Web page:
If we assume that the land was worth nothing—not an assumption which was true in fact—the maximum which the
Land Commission would be entitled to receive would be 40 per cent. of £25. But many other considerations enter into it.
I understand that this is not an isolated instance. The Land Commission takes notice of any betterment levy of more than £5. It is rather like the exemption from Capital Gains Tax for a gain of £50. One has to calculate the amount of the betterment levy to see whether one falls below the exemption limit of £5.
I do not want to be petulant at this hour. The scandal speaks for itself. It must have cost a lot of money to send out this form and for civil servants to look at the notification under Section 37 of the Act and to establish what was the assessment. Suppose we took this seriously—and we have to do so—and filled in all the particulars. All this is merely leading up to a preliminary decision whether there is liability, and after that preliminary decision comes the fight between us and the Land Commission whether any amount is due at all. A point of law could be just as vigorously maintained on each side as if the amount were £25,000. The amount concerned does not make any less the validity or otherwise of the points of law.
I raise this matter because it shows bureaucracy gone mad. One of the criticisms which we make of the Government is that they have increased the number of civil servants beyond reason and that the way in which legislation has been drafted in many cases leads to a plethora of form filling and questionnaires. Some 17 or 18 years ago in my constituency I was criticising the then Labour Government saying that the advent of that Labour Government had meant that many forms had to be filled in and that the time of fanners was taken up in form filling instead of in agriculture. A voice at the back of the hall said, "As a farmer I have so many forms to fill in that I have had to engage two new shorthorn typists." That comment was received well by the agricultural community.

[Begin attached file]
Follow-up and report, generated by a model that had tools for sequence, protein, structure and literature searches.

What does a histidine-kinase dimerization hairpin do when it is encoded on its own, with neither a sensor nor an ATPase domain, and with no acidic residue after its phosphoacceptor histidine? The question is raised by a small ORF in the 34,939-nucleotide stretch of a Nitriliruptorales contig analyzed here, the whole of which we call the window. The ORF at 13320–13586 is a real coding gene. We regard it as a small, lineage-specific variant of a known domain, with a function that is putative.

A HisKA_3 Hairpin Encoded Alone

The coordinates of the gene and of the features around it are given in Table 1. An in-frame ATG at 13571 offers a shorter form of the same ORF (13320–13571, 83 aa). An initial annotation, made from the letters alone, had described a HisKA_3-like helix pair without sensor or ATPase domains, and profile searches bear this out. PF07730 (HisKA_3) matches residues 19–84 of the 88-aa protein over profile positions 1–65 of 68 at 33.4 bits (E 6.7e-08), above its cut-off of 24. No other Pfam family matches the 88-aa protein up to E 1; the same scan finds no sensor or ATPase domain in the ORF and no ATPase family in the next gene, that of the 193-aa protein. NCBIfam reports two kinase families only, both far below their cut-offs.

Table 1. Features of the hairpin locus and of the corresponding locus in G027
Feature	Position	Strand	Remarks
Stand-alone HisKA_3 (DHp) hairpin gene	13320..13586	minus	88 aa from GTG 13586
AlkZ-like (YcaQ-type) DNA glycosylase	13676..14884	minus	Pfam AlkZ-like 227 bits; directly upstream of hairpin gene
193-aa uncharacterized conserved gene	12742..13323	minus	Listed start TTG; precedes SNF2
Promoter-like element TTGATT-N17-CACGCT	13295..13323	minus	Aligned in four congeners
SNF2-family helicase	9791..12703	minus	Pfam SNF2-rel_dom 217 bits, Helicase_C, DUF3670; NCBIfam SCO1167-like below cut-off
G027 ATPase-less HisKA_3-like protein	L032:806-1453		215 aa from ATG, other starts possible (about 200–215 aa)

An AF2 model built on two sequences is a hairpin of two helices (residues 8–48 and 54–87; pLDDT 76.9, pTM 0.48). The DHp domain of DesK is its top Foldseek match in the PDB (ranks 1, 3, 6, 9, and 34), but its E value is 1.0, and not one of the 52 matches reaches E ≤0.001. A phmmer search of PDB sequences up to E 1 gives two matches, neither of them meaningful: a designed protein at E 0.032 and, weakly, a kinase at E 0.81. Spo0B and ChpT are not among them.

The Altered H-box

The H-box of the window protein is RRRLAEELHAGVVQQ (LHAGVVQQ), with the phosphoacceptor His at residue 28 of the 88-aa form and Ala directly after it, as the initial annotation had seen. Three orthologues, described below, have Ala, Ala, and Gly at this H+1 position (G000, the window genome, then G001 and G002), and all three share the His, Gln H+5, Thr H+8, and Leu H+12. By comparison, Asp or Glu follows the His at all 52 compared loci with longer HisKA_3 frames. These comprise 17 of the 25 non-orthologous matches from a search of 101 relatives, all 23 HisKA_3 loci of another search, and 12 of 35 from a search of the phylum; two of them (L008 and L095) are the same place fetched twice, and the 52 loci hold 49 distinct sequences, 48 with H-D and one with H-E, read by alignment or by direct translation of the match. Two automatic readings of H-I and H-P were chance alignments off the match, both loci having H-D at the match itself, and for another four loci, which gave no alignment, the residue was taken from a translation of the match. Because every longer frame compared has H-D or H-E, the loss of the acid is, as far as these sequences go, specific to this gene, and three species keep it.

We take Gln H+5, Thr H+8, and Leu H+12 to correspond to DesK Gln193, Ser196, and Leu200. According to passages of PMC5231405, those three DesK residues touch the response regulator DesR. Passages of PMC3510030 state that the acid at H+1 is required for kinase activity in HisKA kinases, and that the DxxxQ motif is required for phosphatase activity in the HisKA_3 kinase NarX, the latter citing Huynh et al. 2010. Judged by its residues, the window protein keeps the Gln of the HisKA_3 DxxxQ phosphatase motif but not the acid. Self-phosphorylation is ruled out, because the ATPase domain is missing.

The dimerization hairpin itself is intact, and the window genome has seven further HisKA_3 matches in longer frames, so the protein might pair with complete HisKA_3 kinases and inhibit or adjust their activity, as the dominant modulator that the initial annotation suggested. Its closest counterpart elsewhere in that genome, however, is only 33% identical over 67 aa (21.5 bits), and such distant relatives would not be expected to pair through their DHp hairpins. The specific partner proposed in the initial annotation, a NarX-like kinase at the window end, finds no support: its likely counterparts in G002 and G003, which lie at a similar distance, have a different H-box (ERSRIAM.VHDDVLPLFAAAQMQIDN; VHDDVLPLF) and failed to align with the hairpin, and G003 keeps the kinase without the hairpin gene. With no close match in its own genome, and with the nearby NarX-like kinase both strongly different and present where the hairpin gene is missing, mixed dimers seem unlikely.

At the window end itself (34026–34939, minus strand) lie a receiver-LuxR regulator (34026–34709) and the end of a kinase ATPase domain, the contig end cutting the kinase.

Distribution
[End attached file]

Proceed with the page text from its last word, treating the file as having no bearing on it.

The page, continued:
I am sure that the Minister will say that it must be ascertained whether any amount is due and that there are bound to be borderline cases. But surely there should be a rule whereby an official at a certain level in the Land Commission is empowered to draw a pencil stroke through a case where it is obvious to him that the amount to be recovered is not worth fighting for. Does the hon. and learned Gentleman really think that we should fill in all these answers and continue with the correspondence in such cases? One is tempted to fill them up facetiously in such trivial transactions.
There are many cases where the local authority is responsible for delay. For example, preliminary consent may have been given but final consent comes after the due date. The result is that the man finds he has to pay a big sum in betterment levy perhaps only because the relevant committee of the local council met on a Thursday instead of a Tuesday.
In a case in my constituency, the Chairman of the Commission wrote to say that this was the luck of the draw, that it was rather like taxation in that a particular date was fixed and there was nothing to be done about it. But it is hard that a betterment levy should depend not on anything the man himself does but on whether the local council's action takes place slowly or quickly.
We are justified in bringing to the attention of the House the work of the Land Commission in this small particular, which is symptomatic of the way of bureaucracy. It is rumoured that the Land Commission has not enough to do and these cases indicate that this is true. While the hon. and learned Gentleman may not be able to give satisfaction in this debate, I hope that he will take these things to heart and see whether some reform cannot be made in the functioning of the Commission.